Setup/teardown helpers

Write helpful setup/teardown code for your tests and REPL code. For example, if you have a function that needs a database and application configuration to do anything, write a function that automatically and conveniently gets you a basic development config and database connection for running some action.

Make data inspectable

Make sure to include Show instances for your data types, so that you can inspect them in the REPL. Treat Show as your development instance, it’s for you, don’t use it for “real” serialization or for “user-friendly” messages. Develop a distaste for data structures that are hard to inspect.

Figure out the fastest iteration for you

Use techniques like :reload to help you out. For example, if I’m working on hindent, then I will test a style with HIndent.test chrisDone "x = 1", for example, in the REPL, and I’ll see the output pretty printed as Haskell in my Emacs REPL. But I work on module HIndent.Style.ChrisDone. So I first :load HIndent and then for future work I use :reload to reload my .ChrisDone changes and give me the HIndent environment again.

Configuration

Make sure you know about the .ghci file which you can put in your ~/ and also in the project directory where GHCi is run from. You can use :set to set regular GHC options including packages (-package foo) and extensions (-XFoo), and any special include directories (-ifoo).

More advanced tricks

Consider tricks like live reloading; if you can support it. I wrote an IRC server and I can run it in the REPL, reload the code, and update the handler function without losing any state. If you use foreign-store you can make things available, like the program’s state, in an IORef or MVar.

This trick is a trick, so don’t use it in production. But it’s about as close as we can get to Lisp-style image development.

In summary

Haskell’s lucky to have a small REPL culture, but you have to work with a Lisp or Smalltalk to really know what’s possible when you fully “buy in”. Many Haskellers come from C++ and “stop program, edit file, re-run compiler, re-run whole program” cycles and don’t have much awareness or interest in it. If you are such a person, the above probably won’t come naturally, but try it out.

Categories: Offsite Blogs

Bryn Keller: Higher Order Type Theory Resources

Planet Haskell - Tue, 07/14/2015 - 6:00pm

Recently there’s been an outpouring of useful resources folks have found for learning Homotopy Type Theory (aka HoTT). These have come mainly from the HoTT Cafe Google Group.

The main resource is of course, the book, but these videos and other resources seem useful enough that I want a consolidated list of them for myself. So I thought maybe you might, too.

Group threads that provided these links:

Note that I’m likely to update this page in the future with other resources as I find them, and those links may or may not come from the Groups threads just mentioned.

Useful resources, in no particular order:

Related:

Categories: Offsite Blogs

Saving functions

Haskell on Reddit - Tue, 07/14/2015 - 3:10pm

Stumbled upon the spoon package. I wanted to see if I could make it work for functions instead of just values. After fiddling around with functional dependencies I've managed to get something that works! The code is very short so I'll post the whole thing.

{-# LANGUAGE FlexibleContexts , FlexibleInstances , UndecidableInstances , TypeFamilies , FunctionalDependencies #-} module Control.Safezone where import qualified Control.Exception as Exc import System.IO.Unsafe {-# NOINLINE unsafeCleanup #-} unsafeCleanup :: a -> Maybe a unsafeCleanup x = unsafePerformIO $ Exc.catch (x `seq` return (Just x)) handler where handler :: Exc.ErrorCall -> IO (Maybe a) handler _ = return Nothing class Save f g | f -> g where save :: f -> g instance {-# OVERLAPPABLE #-} (b ~ Maybe a) => Save a b where save = unsafeCleanup instance Save f g => Save (a -> f) (a -> g) where save f x = save (f x) unsafeDiv :: Double -> Double -> Double unsafeDiv x y | y /= 0 = x / y | y == 0 = error "Dividing by zero" --safeDiv :: Double -> Double -> Maybe Double safeDiv = save unsafeDiv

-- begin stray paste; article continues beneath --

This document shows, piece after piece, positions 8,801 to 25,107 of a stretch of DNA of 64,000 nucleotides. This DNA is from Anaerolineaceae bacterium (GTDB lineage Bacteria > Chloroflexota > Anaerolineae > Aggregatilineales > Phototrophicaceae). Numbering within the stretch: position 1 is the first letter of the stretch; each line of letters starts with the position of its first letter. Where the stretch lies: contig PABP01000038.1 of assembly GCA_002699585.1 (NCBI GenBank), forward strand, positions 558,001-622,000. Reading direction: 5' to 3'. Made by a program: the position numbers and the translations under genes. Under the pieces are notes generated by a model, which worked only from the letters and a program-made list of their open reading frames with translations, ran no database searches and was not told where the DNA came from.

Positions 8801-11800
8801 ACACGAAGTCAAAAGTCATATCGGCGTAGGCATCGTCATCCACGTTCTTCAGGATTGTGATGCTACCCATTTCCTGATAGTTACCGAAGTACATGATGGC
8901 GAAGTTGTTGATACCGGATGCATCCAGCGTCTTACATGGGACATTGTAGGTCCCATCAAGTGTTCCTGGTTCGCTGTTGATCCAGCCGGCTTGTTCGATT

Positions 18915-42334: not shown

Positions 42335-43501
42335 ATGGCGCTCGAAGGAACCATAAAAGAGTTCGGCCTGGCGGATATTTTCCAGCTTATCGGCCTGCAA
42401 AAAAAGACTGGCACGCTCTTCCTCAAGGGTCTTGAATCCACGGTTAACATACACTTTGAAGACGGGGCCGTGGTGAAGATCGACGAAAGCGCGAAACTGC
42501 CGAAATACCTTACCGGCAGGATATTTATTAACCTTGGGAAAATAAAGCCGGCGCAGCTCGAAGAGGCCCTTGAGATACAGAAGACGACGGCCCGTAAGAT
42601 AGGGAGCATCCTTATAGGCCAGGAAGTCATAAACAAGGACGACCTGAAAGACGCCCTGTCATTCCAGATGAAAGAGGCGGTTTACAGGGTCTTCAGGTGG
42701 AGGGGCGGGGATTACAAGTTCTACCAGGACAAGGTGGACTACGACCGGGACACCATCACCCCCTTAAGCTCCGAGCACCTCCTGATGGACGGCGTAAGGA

The result is the magical save function that you can apply to any other function (of arbitrary arity) and it will wrap the END result of that function into a Maybe. Just when everything goes well, Nothing when there's an exception.

I'm not sure if there's any practical use case where this is advantageous over just spooning the return value but I guess it's at least more compact. As you can see it's about as offensive to safety as is gets. All it's lacking is TH :D

I've commented out the type signature of safeDiv to show that the type is successfully inferred.

Edit:

I mean, come on. This is pretty neat stuff

safeRead :: Read a => String -> Maybe a safeRead = save read *Control.Safezone> safeRead "123" :: Maybe Int Just 123 *Control.Safezone> safeRead "123a" :: Maybe Int Nothing submitted by Darwin226
[link] [3 comments]
Categories: Incoming News

FRP and Modifying List Elements

Haskell on Reddit - Tue, 07/14/2015 - 1:46pm

I'm working on a web application right now that uses reflex-dom as a part of the client-side solution. You can see a screenshot here: http://imgur.com/gallery/LFBDLFF/new

The application models a stack of switches, each of which may have many ports. A port can be added to multiple VLANs. You can also set zero or one VLANs to untag for each port. It isn't a super-complicated problem, and I already have a partially working solution. I'm trying to figure out how to improve the flow of data.

All my prior FRP experience is with elm, which recommends the model-update-view pattern. This works very well for a lot of things, but one situation where I feel confused is what to do when you have a list of a hundred or so items, each of which can be changed.

You could do it this way:

  • Model: List of items
  • Update: Index along with single item
  • View: Stuff to display the list

This feels alright, but applying the update to the model feels weird. You have to unsafely index into the list and then replace the item, which in both haskell and elm would mean that most of the list might be reconstructed. (I'm not sure if this would cause all of the ports to be updated in the view. It probably depends on the FRP implementation). Anyway, if any FRP gurus have any insights, or if anyone has worked on a similar problem, I'd really appreciate hearing thought on how to model this situation.

submitted by andrewthad